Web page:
Are Your Performance Appraisals Free of Bias

August 23, 1999
Editor's Note: On a whim, Workforce Department Editor Scott Hays signed up for a class titled "Human Resources Management," as part of the HR/Management Certificate Program at the University of California, Irvine. Each week, he'll visit one nugget of knowledge from the course, helping you move slowly in the direction of becoming a more strategic partner.

The purpose of appraisals is to ensure that employees receive a fair and honest assessment of their performance over the past year, and to develop a plan to improve their effectiveness in the future. But in a report by the Institute of Manpower and the Equal Opportunities Commission, appraisals were found to be riddled with personal bias. For example, assertiveness was valued more in men than in women.

Since the passage of Title VII of the 1964 Civil Rights Act, courts have found that the inadequacies of an employer’s appraisal system could lay at the root of an illegal discriminatory action.

Gary Dessler in his book, "Human Resource Management" (Prentice-Hall Inc., 1997), points to a case where the court ruled in favor of Hispanic employees who claimed they were laid off as a result of performance appraisals that were discriminatory. The court concluded the practice was illegal because the appraisals were based on subjective supervisory observations, the appraisals were not administered and scored in a standardized fashion, and two of the three supervisory evaluators did not have daily contact with the employees being sued.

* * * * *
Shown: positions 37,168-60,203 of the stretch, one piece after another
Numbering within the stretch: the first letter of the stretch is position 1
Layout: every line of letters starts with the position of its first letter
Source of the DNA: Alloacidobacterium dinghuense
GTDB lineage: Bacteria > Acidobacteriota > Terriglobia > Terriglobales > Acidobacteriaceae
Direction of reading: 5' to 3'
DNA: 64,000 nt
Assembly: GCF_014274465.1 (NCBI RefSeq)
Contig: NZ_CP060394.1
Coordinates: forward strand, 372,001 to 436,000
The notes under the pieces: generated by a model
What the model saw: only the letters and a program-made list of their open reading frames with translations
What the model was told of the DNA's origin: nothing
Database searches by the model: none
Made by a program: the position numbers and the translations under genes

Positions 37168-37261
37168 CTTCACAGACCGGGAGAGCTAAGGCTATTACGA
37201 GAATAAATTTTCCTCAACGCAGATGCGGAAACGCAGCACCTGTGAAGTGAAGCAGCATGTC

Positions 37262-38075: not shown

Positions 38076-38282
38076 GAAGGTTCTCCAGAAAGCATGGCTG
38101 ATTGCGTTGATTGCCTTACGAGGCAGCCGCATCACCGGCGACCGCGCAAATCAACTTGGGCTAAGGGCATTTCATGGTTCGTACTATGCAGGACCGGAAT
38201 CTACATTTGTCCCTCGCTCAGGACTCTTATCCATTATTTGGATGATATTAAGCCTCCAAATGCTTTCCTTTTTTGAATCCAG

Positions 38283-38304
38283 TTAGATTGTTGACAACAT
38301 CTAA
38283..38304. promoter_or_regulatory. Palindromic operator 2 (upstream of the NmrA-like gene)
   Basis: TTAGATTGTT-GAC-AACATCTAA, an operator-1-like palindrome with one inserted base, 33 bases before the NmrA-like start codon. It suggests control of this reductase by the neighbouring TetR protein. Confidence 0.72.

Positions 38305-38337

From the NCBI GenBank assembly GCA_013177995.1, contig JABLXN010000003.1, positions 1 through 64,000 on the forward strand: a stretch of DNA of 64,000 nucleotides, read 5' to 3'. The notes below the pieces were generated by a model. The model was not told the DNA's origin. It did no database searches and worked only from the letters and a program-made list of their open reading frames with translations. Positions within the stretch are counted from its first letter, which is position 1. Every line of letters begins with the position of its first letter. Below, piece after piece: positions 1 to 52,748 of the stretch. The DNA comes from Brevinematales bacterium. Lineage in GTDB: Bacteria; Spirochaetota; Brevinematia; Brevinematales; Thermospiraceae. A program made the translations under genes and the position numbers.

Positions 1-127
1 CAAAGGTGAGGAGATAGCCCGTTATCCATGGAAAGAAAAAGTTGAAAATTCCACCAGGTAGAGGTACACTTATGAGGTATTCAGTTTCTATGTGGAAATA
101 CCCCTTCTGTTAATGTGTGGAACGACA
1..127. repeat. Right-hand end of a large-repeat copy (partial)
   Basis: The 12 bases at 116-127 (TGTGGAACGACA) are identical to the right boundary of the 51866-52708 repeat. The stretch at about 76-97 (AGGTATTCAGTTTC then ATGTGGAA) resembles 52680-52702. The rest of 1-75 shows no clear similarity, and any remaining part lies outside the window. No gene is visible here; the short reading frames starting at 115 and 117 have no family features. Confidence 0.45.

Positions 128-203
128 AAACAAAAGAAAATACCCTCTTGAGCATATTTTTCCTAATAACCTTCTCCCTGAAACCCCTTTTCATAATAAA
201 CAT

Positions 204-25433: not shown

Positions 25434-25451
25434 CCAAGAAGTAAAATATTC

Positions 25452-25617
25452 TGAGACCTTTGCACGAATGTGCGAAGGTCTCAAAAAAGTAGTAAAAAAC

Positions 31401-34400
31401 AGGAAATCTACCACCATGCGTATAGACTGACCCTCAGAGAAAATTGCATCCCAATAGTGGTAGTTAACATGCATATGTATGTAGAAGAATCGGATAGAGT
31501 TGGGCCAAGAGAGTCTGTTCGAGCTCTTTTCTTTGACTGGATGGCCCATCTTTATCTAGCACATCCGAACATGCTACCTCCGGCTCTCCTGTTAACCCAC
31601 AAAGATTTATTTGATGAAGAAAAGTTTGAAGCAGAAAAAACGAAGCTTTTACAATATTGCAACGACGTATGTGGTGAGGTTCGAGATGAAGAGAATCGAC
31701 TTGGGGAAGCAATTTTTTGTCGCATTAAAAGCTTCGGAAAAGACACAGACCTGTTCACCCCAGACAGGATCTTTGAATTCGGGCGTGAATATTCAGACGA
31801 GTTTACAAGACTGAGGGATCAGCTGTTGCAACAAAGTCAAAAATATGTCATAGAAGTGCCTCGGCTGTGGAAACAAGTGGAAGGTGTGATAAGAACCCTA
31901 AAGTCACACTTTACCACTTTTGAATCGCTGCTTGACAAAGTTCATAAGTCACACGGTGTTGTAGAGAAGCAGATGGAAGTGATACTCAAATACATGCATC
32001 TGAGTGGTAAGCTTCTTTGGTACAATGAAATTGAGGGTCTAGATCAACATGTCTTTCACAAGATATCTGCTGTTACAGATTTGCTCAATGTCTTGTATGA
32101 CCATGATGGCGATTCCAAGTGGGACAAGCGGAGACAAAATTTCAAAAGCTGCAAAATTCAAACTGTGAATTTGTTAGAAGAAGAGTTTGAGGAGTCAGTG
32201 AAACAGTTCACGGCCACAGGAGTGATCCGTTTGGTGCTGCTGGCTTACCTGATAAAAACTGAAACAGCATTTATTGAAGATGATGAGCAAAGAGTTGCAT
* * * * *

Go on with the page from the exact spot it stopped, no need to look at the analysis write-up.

"While the appraisals were based on ‘best judgments and opinion’ of the appraisers, they were not based on any objective criteria that were supported by any record of validity," writes Dessler.

Above all else, appraisals should not be about subjective viewpoints. Appraisers need to be well aware of their own prejudices—equating long hours with commitment, for example, or letting judgements about performance in one area color all the others.

So what can you do to guarantee that your company’s appraisal system is not only legally defensible, but ethical? For openers, you can start by choosing the right appraisal tool and train supervisors to eliminate rating errors.

Here are several more suggestions from Dessler:

  • Make sure the performance standards are provided to all managers and employees.
  • Employ subjective supervisory ratings as only one component of the overall appraisal process.
  • Train supervisors to use the rating instrument properly.
  • Allow appraisers substantial daily contact with the employee being evaluated.
  • Whenever possible, have more than one appraiser conduct the appraisal and conduct all such appraisals independently.
  • Use formal appeal mechanisms.
  • Document evaluations and reasons for any termination decisions.

SOURCE: "Human Resource Management" (Prentice-Hall Inc., 1997) by Gary Dessler.